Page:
THINGS TO LOOK FOR TODAY

PLENARY: On the conference�s final day, participants will convene in Plenary at 9:00 am in the Expo Foyer to consider a revised draft Chair�s report and to hear closing keynote speeches.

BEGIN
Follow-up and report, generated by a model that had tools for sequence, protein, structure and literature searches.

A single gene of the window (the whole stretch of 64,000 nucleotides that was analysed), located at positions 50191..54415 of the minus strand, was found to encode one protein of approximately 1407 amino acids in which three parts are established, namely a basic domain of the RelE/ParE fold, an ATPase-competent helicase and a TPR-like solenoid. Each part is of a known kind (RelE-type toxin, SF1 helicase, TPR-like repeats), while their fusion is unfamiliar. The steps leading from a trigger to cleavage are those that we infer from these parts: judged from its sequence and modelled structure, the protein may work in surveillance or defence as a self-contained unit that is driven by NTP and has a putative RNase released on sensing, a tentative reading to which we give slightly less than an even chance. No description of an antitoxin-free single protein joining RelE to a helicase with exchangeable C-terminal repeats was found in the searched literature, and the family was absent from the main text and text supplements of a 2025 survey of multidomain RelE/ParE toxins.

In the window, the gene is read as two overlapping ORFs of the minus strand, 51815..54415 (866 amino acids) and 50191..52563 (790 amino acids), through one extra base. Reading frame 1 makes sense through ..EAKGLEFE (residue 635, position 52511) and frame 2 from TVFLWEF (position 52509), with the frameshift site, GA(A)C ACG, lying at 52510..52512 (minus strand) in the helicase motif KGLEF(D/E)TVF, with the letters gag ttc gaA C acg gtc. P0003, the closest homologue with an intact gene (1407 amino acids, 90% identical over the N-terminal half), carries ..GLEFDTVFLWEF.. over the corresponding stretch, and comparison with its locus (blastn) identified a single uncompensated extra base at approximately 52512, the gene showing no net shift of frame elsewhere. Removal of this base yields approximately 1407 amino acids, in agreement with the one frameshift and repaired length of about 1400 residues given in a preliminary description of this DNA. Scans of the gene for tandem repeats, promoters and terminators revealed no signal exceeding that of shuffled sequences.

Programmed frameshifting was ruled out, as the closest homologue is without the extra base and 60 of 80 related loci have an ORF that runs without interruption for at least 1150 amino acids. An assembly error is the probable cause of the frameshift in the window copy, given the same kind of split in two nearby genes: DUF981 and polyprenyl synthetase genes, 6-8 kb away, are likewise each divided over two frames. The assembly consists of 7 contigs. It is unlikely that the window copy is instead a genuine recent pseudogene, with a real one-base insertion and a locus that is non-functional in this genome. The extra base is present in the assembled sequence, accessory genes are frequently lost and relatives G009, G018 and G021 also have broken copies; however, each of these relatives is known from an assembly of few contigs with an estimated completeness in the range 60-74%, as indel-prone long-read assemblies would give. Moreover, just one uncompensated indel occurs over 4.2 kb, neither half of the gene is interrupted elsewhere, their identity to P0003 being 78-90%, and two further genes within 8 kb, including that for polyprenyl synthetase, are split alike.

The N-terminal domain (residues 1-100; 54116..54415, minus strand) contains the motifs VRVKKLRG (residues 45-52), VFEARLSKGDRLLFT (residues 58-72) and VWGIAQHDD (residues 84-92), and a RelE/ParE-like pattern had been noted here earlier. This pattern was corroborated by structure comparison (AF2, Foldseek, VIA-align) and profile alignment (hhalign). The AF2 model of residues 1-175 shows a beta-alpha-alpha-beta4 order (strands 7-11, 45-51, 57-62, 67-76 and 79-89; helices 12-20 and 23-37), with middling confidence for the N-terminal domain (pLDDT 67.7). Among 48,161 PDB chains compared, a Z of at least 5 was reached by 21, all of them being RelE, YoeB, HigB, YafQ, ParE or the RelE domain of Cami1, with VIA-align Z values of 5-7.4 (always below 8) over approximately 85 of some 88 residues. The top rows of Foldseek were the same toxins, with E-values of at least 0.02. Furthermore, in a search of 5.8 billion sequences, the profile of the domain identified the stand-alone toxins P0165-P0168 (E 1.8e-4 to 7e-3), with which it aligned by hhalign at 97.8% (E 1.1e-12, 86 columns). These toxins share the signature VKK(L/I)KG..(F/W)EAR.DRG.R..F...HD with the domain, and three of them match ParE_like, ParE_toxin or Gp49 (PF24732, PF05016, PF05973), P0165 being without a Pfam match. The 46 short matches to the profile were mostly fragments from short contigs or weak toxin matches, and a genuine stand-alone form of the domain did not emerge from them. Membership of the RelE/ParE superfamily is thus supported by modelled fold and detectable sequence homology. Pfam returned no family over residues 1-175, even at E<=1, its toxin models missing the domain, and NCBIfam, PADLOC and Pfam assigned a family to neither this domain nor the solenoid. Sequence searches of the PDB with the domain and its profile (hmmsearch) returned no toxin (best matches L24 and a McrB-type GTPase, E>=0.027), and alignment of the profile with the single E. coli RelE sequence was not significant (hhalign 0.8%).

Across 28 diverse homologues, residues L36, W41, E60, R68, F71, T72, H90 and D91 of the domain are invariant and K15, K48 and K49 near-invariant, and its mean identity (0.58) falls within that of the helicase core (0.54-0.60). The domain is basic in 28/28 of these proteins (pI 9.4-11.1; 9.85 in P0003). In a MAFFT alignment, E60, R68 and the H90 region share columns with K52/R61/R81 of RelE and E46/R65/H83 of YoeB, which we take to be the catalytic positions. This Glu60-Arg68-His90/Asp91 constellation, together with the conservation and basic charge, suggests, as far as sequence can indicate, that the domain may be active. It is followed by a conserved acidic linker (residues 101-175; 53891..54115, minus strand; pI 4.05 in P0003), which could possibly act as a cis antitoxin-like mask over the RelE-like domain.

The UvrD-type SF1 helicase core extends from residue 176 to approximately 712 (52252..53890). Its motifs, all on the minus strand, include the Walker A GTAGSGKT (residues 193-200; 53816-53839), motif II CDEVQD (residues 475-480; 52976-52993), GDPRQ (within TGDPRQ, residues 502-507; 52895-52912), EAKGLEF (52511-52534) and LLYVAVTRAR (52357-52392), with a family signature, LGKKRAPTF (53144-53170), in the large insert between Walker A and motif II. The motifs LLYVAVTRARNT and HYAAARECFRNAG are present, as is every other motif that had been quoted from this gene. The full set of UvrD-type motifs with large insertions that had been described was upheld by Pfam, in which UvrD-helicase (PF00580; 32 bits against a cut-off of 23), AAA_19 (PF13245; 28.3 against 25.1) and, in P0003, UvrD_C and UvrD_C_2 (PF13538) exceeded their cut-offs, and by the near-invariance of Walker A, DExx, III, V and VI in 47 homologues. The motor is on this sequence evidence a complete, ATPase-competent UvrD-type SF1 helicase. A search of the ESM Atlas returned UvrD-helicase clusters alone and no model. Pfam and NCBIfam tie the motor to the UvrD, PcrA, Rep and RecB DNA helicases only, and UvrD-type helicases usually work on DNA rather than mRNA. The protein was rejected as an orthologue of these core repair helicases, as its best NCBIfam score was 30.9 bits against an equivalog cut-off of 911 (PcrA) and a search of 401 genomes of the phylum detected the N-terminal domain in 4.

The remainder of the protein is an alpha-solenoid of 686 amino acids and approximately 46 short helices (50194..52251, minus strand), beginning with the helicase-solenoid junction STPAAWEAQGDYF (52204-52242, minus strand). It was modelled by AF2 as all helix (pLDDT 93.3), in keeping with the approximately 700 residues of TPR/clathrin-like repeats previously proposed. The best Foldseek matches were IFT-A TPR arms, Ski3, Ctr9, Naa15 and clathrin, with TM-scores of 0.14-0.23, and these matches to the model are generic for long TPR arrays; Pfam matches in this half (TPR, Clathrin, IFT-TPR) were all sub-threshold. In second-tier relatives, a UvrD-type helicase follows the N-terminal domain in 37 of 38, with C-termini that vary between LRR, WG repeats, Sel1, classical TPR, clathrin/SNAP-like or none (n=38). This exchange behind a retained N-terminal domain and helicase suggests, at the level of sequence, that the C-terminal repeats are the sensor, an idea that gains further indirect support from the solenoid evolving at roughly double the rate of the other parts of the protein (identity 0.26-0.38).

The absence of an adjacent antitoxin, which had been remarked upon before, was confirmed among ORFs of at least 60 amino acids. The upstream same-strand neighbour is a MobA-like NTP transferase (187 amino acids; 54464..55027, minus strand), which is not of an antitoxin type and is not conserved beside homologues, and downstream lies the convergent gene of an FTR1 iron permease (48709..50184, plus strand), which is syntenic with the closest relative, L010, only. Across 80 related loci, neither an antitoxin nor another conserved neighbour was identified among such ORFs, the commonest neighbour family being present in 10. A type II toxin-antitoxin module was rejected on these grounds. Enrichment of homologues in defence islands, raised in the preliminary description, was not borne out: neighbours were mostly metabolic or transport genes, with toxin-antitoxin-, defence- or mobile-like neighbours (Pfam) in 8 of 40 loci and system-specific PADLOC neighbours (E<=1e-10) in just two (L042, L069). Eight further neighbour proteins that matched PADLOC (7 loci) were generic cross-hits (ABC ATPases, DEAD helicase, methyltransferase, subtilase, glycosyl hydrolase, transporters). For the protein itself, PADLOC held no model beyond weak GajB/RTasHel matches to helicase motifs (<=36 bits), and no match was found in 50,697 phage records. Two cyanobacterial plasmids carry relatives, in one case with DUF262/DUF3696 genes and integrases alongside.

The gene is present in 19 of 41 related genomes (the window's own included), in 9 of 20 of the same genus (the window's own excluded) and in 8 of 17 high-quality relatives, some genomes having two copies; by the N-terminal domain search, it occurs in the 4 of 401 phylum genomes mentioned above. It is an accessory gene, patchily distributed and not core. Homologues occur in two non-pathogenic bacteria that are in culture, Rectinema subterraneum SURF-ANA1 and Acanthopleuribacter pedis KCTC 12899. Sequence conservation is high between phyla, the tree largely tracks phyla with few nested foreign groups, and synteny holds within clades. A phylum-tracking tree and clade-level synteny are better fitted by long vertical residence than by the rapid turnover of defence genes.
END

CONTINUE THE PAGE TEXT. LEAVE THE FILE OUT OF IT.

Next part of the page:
Sustainable Developments is a publication of the International Institute for Sustainable Development (IISD) info@iisd.ca, publishers of the Earth Negotiations Bulletin �. This issue is written and edited by Peter Doran pfdoran@ecology.u-net.com, Kira Schmidt kiras@iisd.org and Chris Spence spencechris@hotmail.com (Team Leader). Digital content by Andrei Henry ahenry@iisd.org. Electronic posting by Kevin Cooney kcooney@iisd.org. Coordinated by Paola Bettelli pbettelli@iisd.org. The Managing Editor of Sustainable Developments is Langston James "Kimo" Goree VI. Funding for coverage of this meeting has been provided by the Food and Agriculture Organization of the United Nations (FAO). The authors can be contacted at their electronic mail addresses and at tel: +1-212-644-0204 and by fax: +1-212-644-0206. IISD can be contacted at 161 Portage Avenue East, 6th Floor, Winnipeg, Manitoba R3B 0Y4, Canada; tel: +1-204-958-7700; fax: +1-204-958-7710. The opinions expressed in the Sustainable Developments are those of the authors and do not necessarily reflect the views of IISD and other funders. Excerpts from Sustainable Developments may be used in other publications with appropriate academic citation. Electronic versions of Sustainable Developments are sent to e-mail distribution lists (ASCII and PDF format) and can be found on the Linkages WWW-server at http://www.iisd.ca/linkages. For further information on Sustainable Developments, including requests to provide reporting services, contact the Managing Editor at kimo@iisd.org.